Big Ten football is suffering from a public relations problem right now. The on-field performance hasn’t been up to snuff for several years now, between close Rose Bowl losses and utter debacles in the majority of the minor bowl matchups against the SEC. Then there have been the off-field scandals at Ohio State and Penn State that effectively gutted the division race on one side of the conference. But if nothing else, the conference has a chance to fix its on-field perception this year, with most teams returning key players on the defensive front and most quarterback situations looking stable. TheSportsNotebook breaks down how the conference race is likely to shake out.
The Legends Division is where the action is, as Michigan, Michigan State and Nebraska will stage a lively race for a spot in Indianapolis on December 1 when the conference championship is settled. Michigan is seen as the top-heavy favorite, but while I respect the Wolverines as a contender, I don’t see them as head-and-shoulders above their two rivals.
Michigan’s case in the national media runs thusly—they won 10 games under Brady Hoke a year ago, and then won the Sugar Bowl. Now they have an explosive do-everything quarterback in Denard Robinson back and set to contend for the Heisman Trophy. They have a good offensive line, led by tackle Traylor Lewan to lead the way for Fitz Toussiant, the back who came on down the stretch a year ago. They’re experienced in the back seven and since they’ve already won a major bowl game, the next step up is national championship contender.
It sounds good enough and when it comes to the returning talent it’s all true. But Michigan was not deserving of a BCS bid a year ago, nor was their Sugar Bowl opponent in Virginia Tech. (Kansas State and Michigan State, who actually won the Legends Division last year were both better choices). Michigan needed an atrocious call in overtime to bail them out in the Sugar Bowl itself. In short, they were an above-average team that made good strides under Hoke in his first year as head coach. As such, we expect them to be one of a few contenders for league honors this year. But their season was not on a par with other major bowl winners like Oklahoma State or Oregon, so the baseline they are building off of is lower than the national media is presenting it.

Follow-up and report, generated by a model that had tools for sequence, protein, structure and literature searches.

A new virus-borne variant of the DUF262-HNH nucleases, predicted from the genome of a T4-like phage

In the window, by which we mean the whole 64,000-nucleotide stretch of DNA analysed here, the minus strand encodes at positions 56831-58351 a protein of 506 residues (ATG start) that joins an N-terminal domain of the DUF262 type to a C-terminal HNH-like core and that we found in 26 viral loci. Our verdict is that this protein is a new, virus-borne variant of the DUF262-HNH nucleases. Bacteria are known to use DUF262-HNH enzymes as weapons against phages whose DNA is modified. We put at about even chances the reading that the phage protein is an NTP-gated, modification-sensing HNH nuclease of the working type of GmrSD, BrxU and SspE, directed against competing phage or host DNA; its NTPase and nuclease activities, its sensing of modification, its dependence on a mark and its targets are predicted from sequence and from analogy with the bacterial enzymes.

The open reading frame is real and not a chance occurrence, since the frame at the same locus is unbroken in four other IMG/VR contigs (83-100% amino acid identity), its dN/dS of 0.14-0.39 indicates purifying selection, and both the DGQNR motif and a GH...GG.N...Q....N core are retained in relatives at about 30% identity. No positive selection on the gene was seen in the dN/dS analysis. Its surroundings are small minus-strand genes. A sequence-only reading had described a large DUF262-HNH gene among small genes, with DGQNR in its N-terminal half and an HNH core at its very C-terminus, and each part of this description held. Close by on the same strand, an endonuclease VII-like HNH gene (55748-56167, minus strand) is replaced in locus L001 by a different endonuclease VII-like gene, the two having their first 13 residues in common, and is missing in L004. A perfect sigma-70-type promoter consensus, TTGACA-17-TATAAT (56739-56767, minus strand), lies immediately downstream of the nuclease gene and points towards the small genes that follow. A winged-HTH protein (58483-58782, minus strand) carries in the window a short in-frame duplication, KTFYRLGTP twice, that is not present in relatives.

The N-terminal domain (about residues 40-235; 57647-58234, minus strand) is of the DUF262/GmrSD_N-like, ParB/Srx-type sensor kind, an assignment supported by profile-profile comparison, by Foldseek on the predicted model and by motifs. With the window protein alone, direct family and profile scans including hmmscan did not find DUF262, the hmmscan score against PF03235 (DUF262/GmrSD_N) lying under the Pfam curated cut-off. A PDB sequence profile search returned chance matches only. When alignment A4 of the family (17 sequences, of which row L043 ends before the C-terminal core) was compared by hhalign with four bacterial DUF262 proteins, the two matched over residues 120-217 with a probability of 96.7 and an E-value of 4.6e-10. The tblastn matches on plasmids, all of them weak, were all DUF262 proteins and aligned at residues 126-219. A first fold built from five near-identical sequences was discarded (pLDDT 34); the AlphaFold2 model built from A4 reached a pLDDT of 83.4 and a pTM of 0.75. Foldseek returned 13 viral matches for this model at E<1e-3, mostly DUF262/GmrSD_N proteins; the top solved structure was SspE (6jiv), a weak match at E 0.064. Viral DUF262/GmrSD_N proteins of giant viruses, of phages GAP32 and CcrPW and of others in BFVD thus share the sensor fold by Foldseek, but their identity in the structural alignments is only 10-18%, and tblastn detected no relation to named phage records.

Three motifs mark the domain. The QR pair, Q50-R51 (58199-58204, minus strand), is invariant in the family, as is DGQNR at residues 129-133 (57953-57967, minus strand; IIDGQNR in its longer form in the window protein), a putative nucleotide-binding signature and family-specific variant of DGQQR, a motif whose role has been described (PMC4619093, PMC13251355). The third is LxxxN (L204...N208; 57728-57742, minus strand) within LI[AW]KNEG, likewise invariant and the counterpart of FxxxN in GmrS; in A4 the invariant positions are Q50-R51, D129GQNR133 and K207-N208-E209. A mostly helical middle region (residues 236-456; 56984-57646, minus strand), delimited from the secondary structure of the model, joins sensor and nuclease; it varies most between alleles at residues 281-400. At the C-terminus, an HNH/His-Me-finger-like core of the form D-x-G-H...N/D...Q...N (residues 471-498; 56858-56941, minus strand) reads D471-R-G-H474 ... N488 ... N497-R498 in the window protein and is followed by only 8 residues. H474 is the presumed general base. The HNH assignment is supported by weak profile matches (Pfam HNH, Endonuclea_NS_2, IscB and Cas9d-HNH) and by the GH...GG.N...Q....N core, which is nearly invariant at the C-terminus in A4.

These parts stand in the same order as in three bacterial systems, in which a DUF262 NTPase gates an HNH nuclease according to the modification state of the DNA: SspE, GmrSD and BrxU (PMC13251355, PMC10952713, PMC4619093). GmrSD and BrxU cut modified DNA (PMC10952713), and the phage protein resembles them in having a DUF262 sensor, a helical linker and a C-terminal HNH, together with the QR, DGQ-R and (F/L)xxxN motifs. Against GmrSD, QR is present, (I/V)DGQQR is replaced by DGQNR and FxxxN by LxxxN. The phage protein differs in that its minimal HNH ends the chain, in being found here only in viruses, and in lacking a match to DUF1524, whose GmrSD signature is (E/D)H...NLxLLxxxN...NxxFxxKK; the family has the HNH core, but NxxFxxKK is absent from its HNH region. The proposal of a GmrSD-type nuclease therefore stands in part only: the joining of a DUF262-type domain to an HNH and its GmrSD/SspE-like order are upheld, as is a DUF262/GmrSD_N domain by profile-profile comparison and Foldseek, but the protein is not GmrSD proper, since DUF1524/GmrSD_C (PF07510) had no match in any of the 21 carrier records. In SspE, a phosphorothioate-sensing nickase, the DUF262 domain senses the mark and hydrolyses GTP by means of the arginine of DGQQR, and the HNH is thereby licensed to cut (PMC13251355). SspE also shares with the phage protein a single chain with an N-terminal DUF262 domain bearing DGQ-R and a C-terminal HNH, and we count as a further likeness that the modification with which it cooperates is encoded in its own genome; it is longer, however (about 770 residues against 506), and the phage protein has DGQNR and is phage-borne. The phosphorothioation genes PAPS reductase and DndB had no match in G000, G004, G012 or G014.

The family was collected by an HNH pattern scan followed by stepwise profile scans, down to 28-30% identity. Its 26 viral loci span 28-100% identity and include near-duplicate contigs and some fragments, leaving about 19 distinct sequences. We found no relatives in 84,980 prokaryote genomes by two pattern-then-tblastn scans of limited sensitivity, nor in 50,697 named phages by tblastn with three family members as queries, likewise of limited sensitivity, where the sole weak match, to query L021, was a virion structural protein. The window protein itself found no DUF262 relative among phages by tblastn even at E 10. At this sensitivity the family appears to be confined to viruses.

Michigan State, on the other hand, is still the no-respect team in this division. Mark Dantonio is the best coach in the Legends Division. He won a share of the Big Ten title in 2010, the last year prior to the superconference format. He lost a gut-wrencher to Wisconsin in last year’s championship game and had his team not foolishly roughed the punter in the last two minutes would likely have at least forced overtime. Both years the Spartans deserved a BCS bid and both years they were passed over for more noteworthy Big Ten teams (Ohio State in 2010, Michigan last year). Now Sparty is being overlooked again because they need a new quarterback and receivers. But look at what Dantonio does have—four starters back on the offensive line, a talented back in Le’Veon Bell, eight starters back on defense, including top pass rusher William Gholston and two of the three new starters are seniors. That spells contender.
Nebraska is stacked defensively, with eight seniors in the starting lineup, including the entire front four. Now it’s up to Bo Pellini to prove he can generate some offense consistently. He’s got the skill position weapons in quarterback Taylor Martinez, and running back Rex Burkhead. If the line can be re-tooled, Nebraska can compete for the division.
Whomever wins the Legends, all three of these teams are better than anyone on the Leaders side. Wisconsin has gone to the Rose Bowl the last two years and with Ohio State and Penn State ineligible for the league championship game, the Badgers have the path cleared for another trip to Indianapolis. But while this is a good team, it doesn’t look championship-caliber. The defensive line has six starters back, but other than Chris Borland at linebacker, none are all that noteworthy. And maybe I’m only noting Borland because as a Wisconsin resident and big fan of the team I’m overrating him. He’s not listed in the annuals as one of the league’s top players.